Golisano Dean’s Lecture Series features information retrieval expert March 24

Jeremy Pickens to discuss legal areas of eDiscovery and information governance

Follow Scott Bureau on Twitter
Follow RITNEWS on Twitter

Jeremy Pickens

Jeremy Pickens, a leading information retrieval research scientist, will discuss the problems and opportunities with law and the collection of massive amounts of data in a talk March 24.

The talk, “Challenges and Opportunities in eDiscovery and Information Governance: Not Everything is Big Data,” is from noon to 1 p.m. in RIT’s Golisano Hall auditorium. The event, which is part of the B. Thomas Golisano College of Computing and Information Sciences Dean’s Lecture Series, is free and open to the public.

Pickens is chief scientist at Catalyst Repository Systems, which develops cloud-based software for the management of electronic legal discovery. He is also a pioneer in the field of collaborative exploratory search, a form of information seeking in which a group of people who share a common information need explicitly collaborate to achieve it.

The talk will address eDiscovery—the ways that electronic data is sought, located, secured and searched with the intent of using it as evidence in a civil or criminal legal case. He will also discuss the data management-related processes, roles and controls that ensure data remains a trusted business asset within an organization, also known as information governance. In the end, he will outline steps that have been taken toward solutions to these problems.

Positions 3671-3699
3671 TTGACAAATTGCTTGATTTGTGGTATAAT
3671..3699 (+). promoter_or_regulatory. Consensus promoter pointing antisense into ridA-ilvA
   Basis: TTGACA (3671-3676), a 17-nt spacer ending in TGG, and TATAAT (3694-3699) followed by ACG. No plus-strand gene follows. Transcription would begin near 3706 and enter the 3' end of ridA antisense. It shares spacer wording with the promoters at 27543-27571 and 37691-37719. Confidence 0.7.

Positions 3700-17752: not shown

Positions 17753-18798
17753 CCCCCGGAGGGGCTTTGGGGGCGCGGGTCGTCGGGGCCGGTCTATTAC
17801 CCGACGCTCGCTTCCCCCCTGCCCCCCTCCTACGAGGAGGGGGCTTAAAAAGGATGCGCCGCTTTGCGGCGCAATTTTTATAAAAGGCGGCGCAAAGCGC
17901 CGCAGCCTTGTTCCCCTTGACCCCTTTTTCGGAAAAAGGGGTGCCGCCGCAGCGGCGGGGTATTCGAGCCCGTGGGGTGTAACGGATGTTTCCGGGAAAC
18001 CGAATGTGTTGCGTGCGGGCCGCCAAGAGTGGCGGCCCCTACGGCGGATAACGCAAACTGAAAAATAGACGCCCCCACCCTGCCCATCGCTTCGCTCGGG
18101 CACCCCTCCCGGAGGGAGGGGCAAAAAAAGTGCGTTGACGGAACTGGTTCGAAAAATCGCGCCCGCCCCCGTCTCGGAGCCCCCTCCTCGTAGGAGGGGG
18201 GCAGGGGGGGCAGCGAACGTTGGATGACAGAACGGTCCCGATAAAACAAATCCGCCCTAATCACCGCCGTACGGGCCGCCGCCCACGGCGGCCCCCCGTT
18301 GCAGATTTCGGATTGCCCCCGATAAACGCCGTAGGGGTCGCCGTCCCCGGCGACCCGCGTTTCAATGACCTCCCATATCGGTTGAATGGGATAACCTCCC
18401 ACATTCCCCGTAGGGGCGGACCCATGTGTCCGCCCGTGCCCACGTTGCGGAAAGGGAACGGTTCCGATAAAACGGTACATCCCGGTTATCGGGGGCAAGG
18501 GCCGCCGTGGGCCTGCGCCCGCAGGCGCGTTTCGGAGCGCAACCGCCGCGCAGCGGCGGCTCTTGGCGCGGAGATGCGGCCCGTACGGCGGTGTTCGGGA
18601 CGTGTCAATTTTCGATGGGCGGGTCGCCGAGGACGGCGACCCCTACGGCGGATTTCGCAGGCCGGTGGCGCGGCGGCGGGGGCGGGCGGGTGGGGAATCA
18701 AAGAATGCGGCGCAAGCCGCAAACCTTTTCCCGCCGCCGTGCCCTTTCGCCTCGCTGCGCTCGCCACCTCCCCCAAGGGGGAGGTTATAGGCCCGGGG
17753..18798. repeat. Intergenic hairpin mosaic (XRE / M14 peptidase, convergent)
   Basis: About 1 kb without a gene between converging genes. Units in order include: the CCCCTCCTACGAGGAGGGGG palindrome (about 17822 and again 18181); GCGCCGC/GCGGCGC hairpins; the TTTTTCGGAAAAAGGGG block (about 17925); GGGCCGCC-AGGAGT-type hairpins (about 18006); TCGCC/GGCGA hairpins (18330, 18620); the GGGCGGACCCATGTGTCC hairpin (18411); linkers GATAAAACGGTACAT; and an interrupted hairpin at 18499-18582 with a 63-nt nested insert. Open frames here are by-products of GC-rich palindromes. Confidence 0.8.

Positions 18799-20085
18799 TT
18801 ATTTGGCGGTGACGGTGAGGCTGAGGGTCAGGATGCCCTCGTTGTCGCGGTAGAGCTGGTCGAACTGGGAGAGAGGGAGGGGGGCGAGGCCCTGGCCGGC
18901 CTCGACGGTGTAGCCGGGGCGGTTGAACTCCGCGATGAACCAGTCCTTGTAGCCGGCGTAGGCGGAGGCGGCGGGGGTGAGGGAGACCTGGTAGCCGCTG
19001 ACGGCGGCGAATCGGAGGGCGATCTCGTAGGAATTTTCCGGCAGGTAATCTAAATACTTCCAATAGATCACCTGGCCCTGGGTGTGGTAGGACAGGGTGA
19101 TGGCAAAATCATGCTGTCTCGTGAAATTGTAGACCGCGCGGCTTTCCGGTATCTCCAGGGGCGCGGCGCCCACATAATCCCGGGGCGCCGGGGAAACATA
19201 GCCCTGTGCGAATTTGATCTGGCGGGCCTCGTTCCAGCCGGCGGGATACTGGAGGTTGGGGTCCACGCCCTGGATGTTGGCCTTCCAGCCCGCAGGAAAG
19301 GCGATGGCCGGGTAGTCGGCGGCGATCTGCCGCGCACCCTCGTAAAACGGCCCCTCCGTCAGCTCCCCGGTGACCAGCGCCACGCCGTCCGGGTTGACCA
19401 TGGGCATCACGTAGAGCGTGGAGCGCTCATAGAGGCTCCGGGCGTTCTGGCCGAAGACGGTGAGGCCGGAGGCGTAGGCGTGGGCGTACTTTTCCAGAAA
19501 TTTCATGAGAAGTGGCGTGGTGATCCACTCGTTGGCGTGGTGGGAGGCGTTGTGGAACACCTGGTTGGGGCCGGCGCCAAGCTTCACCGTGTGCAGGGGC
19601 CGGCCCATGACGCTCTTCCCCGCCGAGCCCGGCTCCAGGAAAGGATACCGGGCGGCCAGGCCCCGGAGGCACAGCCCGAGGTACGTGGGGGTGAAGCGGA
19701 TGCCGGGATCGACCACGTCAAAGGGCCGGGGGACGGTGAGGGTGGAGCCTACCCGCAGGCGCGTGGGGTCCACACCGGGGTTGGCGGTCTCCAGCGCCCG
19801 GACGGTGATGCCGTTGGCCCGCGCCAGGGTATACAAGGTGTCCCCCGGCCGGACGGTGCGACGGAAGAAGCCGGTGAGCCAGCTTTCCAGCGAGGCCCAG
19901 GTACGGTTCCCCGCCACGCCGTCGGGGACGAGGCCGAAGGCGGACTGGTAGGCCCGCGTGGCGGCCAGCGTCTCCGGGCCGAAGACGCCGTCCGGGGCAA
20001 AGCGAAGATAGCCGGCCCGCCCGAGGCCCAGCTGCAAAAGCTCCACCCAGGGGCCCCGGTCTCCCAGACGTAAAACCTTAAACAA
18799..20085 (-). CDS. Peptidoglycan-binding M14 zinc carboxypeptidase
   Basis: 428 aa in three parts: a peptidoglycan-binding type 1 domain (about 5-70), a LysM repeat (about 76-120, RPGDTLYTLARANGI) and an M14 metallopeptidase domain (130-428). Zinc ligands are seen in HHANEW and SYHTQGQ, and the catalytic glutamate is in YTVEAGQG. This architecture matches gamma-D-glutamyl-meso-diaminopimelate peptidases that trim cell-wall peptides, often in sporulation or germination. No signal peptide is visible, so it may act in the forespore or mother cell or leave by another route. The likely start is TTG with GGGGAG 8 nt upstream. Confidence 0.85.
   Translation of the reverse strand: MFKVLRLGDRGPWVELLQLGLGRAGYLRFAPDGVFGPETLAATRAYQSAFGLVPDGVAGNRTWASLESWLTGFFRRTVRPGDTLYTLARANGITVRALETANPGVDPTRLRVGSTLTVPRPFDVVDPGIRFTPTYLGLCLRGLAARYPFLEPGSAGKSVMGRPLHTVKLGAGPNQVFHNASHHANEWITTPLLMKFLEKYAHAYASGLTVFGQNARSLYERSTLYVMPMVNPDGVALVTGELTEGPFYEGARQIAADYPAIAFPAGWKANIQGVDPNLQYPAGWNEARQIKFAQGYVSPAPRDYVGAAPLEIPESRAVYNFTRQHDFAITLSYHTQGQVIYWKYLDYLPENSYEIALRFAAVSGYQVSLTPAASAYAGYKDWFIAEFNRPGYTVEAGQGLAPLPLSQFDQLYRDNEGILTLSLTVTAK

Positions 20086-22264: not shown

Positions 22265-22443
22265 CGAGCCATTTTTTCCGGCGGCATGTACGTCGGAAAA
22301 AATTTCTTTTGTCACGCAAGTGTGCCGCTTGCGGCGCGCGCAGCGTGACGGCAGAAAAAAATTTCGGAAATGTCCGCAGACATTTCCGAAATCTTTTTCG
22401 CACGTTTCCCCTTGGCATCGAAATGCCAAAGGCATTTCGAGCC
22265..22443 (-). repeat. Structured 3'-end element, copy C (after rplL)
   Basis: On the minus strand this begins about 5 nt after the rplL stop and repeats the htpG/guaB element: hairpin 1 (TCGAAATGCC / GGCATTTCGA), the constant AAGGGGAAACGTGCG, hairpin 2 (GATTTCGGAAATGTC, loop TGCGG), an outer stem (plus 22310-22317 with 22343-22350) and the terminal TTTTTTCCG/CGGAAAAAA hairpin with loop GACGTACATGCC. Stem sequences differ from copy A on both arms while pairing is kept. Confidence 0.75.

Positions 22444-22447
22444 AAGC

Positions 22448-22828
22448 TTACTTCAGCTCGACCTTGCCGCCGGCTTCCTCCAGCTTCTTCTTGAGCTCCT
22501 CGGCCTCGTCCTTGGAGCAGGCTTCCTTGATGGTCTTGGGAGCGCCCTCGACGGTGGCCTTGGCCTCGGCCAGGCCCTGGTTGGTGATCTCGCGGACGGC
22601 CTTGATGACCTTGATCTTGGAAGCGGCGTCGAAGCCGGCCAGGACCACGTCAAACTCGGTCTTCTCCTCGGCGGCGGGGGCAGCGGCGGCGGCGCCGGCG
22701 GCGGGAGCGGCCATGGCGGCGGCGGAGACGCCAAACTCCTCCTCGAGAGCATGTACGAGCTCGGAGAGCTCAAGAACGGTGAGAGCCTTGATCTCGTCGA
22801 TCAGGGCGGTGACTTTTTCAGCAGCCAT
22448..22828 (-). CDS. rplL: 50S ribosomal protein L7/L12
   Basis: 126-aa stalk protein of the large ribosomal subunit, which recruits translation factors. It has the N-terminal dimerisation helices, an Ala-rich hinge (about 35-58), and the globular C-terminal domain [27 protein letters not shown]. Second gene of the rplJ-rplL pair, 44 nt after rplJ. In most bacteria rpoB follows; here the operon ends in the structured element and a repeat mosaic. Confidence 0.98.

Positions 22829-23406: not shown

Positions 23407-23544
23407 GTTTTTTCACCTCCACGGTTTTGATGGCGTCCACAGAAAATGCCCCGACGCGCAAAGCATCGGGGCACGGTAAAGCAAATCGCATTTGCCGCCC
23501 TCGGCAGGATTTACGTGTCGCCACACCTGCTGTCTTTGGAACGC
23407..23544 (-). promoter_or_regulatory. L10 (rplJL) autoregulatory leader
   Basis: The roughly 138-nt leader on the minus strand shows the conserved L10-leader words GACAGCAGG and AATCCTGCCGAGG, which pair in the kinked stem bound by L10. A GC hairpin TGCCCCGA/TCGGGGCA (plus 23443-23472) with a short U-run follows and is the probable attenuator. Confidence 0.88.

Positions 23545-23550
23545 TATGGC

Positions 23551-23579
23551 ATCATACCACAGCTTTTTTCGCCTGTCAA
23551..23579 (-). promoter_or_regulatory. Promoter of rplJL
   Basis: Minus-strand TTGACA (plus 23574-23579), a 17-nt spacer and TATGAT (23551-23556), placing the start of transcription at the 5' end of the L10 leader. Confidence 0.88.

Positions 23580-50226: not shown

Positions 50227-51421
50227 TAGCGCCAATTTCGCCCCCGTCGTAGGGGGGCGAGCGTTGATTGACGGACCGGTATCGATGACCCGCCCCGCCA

Pickens has seven patents and patents pending in the field of search and information retrieval. As chief scientist at Catalyst Repository Systems, he has spearheaded the development of Insight Predict, a tool that helps reduce review costs and time for outbound productions, deposition prep and early case assessment.

The Dean’s Lecture Series, established in 2003, brings some of the leading minds in technology to the Golisano College to share their insights with students, faculty and the community. The lectures are free and open to the public.